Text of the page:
Good Sam Club Open Roads Forum: Search
Open Roads Forum Already a member? Login here.   If not, Register Today!  |  Help

Newest  |  Active  |  Popular  |  RVing FAQ Forum Rules  |  Forum Posting Help and Support  |  Contact  



Open Roads Forum  >  Search the Forums

 > Your search for posts made by 'Chum lee' found 379 matches.

Sort by:    Search within results:
Page of 19  
Next
  Subject Author Date Posted Forum
RE: Dealer stripped threads in Hub ?

This is a common issue. Not corrosion damage, stripped threads due to careless installation technique. Do you have any photos of the stripped lug bolts/hub threads? Using a heli-coil thread repair could be possible, but not without seeing the damage. Do the lug bolts on wheels that are NOT damaged have corrosion on them? If the hubs are damaged due to severe cross threading, it may be necessary to replace them rather than repair them. Chum lee
Chum lee 01/24/20 12:43pm Tech Issues
RE: Kirkland motor oil

Oil is oil is oil. Ignorance is bliss (so they say at least) until you have a lubrication related failure. Then you'll change your tune.... as your wallet gets emptied.Show me any documentation that the use of one oil over another, with regular oil and filter changes, caused any engine failures. You're right, there aren't any. Actually there are. In the early/mid eighties, Audi had 1,000's, of premature turbo failures on their I5 (2.1 liter) engines (which they fixed under warranty) due to oil coking up the turbo housing bushings because the turbo would overheat if it wasn't cooled down properly prior to engine shut down. (after spirited driving) It cost Audi $$$$$$. The fix: Change the specs to improve the temperature stability of the oil which led to Audi specifying synthetic oil and changing it more frequently. Also, install after run electric water pumps, water/oil cooled turbos, and after run radiator fans. To be fair, Audi warned owners about the cool down issues but hey, . . . . . who reads owners manuals? Some, not all, of the turbo failures led to premature catastrophic engine failures. Other manufacturers had similar issues with their turbo models until the learning curve took over. Chum lee
Chum lee 01/23/20 02:54pm Class A Motorhomes
RE: Quartzsite accommodations ??

Super 8 by Wyndham. West side of town south of I-10 on Dome Rock Road West. $120/night when available. Two stars. You probably won't do much better in Q, but, you can do a whole lot worse. Chum lee
Chum lee 01/22/20 01:28pm General RVing Issues
RE: Warning! Publci Toilet Hygene

Last time I was examined, in a hospital, I contracted MRSA. Yep, . . . . IN A HOSPITAL! It took injectable antibiotics to wipe it out. Now I go through about 4 gallons of hand sanitizer a year. I know for a fact that it won't kill MRSA though. It kills +99% of surface germs. That's the best I can do day to day. It's the 1% that gets ya every time. Chum lee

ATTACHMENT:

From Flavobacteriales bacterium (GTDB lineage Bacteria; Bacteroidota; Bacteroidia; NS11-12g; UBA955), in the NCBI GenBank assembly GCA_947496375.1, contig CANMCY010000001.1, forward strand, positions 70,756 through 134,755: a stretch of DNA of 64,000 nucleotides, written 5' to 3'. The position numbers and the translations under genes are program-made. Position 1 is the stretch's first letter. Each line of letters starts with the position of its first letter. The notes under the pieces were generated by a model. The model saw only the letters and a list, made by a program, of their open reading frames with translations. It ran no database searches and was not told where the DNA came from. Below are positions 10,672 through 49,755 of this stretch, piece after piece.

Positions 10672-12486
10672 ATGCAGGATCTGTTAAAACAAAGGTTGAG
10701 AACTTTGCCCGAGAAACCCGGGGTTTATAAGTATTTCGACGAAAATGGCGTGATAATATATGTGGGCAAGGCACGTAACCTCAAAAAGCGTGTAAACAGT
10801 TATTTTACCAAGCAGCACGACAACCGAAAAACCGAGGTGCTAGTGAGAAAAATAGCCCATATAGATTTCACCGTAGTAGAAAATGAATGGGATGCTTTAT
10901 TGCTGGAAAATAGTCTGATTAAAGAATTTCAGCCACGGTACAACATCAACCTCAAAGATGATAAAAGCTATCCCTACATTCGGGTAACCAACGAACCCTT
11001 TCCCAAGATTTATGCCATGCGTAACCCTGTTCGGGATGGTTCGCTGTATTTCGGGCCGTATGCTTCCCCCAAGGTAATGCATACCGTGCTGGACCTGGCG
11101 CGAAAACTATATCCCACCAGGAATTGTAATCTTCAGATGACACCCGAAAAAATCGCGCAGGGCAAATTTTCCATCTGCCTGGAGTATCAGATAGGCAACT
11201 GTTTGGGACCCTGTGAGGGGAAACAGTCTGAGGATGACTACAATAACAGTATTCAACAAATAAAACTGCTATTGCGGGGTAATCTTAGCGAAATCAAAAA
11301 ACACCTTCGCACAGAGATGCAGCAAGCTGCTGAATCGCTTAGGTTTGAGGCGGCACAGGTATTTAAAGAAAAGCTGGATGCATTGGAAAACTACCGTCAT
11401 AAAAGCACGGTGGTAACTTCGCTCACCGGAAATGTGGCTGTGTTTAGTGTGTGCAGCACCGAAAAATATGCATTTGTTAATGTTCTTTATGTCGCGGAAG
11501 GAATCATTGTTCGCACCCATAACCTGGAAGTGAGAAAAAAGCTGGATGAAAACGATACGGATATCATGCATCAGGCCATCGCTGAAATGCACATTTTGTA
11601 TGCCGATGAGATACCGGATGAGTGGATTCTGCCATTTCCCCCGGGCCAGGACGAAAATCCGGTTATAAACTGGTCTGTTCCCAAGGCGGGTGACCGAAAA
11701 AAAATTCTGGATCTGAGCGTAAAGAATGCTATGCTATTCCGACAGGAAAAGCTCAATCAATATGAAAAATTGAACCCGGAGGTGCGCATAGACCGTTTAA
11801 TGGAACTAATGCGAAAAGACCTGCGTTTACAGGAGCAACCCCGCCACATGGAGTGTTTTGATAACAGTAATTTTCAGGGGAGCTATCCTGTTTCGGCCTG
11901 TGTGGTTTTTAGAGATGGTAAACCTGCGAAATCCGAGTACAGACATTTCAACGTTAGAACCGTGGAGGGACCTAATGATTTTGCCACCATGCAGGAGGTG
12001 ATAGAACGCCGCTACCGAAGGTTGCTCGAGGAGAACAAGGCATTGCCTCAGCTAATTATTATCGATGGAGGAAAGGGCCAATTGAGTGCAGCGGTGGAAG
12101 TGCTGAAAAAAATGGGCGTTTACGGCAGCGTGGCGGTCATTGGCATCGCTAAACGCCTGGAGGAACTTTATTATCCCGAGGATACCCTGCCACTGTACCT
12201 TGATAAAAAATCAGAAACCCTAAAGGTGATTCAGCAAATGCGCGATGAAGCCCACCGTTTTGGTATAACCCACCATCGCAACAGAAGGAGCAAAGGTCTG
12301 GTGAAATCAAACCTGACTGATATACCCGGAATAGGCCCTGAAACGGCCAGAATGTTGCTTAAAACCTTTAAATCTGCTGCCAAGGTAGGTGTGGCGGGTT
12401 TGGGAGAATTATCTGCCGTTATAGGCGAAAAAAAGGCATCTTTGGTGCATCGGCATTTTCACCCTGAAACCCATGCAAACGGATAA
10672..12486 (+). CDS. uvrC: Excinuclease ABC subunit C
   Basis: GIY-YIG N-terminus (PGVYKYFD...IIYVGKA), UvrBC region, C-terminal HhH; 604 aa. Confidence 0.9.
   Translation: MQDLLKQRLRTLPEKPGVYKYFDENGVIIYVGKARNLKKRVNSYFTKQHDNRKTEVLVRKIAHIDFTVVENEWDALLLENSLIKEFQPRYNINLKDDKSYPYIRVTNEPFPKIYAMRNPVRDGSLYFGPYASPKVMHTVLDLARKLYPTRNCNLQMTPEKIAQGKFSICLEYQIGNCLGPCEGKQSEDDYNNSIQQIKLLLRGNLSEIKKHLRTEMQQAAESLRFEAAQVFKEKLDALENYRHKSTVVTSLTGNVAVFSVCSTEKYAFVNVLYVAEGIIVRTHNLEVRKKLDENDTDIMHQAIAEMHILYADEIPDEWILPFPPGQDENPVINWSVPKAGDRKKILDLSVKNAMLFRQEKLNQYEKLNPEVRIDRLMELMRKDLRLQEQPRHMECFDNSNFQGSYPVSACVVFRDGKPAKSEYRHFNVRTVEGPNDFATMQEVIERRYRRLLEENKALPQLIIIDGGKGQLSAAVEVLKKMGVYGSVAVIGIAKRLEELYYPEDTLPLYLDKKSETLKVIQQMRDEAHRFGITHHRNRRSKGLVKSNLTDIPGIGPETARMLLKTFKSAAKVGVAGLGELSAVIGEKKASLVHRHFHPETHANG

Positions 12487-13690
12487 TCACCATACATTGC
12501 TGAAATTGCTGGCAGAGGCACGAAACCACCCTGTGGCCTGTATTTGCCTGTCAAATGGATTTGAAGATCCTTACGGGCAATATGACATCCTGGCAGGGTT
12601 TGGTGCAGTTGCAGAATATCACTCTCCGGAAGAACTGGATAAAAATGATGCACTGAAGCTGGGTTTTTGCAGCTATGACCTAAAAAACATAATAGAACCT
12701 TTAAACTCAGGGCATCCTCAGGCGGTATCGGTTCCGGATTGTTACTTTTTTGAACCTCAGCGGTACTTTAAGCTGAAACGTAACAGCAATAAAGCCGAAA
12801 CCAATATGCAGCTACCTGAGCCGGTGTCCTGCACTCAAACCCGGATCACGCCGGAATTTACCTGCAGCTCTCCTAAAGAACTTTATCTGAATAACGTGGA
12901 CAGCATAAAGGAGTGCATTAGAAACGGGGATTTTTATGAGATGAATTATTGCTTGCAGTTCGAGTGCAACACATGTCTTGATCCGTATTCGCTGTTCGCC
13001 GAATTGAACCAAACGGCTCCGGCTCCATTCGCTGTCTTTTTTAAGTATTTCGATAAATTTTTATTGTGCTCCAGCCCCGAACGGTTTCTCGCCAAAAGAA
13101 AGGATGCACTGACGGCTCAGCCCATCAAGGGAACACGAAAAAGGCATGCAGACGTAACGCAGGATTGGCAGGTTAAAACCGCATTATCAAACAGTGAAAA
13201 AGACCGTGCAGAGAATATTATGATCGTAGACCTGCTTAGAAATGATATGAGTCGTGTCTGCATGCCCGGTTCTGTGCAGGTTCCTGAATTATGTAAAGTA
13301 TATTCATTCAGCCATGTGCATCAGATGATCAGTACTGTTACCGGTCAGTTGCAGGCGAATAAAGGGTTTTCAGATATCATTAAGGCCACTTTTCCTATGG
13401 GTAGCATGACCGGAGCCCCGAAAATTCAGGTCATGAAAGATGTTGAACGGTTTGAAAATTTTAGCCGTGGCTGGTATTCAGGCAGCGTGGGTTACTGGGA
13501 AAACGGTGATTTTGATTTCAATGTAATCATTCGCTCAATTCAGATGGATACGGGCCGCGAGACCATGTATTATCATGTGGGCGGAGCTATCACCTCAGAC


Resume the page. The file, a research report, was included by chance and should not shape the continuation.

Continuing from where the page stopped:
Chum lee 01/22/20 01:20pm General RVing Issues
RE: The Verdic is in, New Ford 7.3 V-8 Gas mpg not so Great

Google: BSFC: Brake Specific Fuel Consumption Carnot Efficiency Cycle These are the two main fundamental engineering terms (there are more) which MUST be improved before you can expect to see any significant improvements in overall MPG. As far as I can tell, the new V8 makes no attempt to improve these over the V10. Although it has less moving parts, it has more cubic inches than the V10 so unless there are improvements in efficiency, expect no better MPG. A direct drive transmission is most efficient, adding gears adds drag which beyond a certain point will reduce fuel mileage since it adds complexity. IMO, the new V8 is about cost saving, not fuel saving. Chum lee
Chum lee 01/22/20 01:06pm Class A Motorhomes
RE: utah activities for seniors

What do you like to do? When are you planning to travel? Where are you planning to travel in Utah? Chum lee
Chum lee 01/21/20 03:18pm General RVing Issues
RE: Ford V10 vs Pending V8

Just a word of caution from an ex Ford employee. Years ago it was usually a bad idea to buy the first generation of anything new. I'm not saying Ford hasn't improved over the years, but, IMO, it's a good idea to let Ford work the bugs out. (in the field) Time eventually heals almost everything. Think: popping spark plugs on the first gen V10. Failed COP coil packs. Timing chain tensioners. Phasers. The list goes on. Etc., Etc., Etc. Chum lee
Chum lee 01/21/20 03:10pm Class C Motorhomes
RE: Workhorse W22, Chevy 8.1l exhaust rattle/noise

With the exhaust system cold, slide under the MH and hit the catalytic converter with your hand or a block of wood. If it sounds like a can full of marbles, . . . . you need a new converter. If no noise, try the same thing with all the other components of the exhaust system. Eventually you will find the source of the rattle. Check all your exhaust hangers and heat shields too. Chum lee
Chum lee 01/21/20 02:54pm Class A Motorhomes
RE: Increasing towing capacity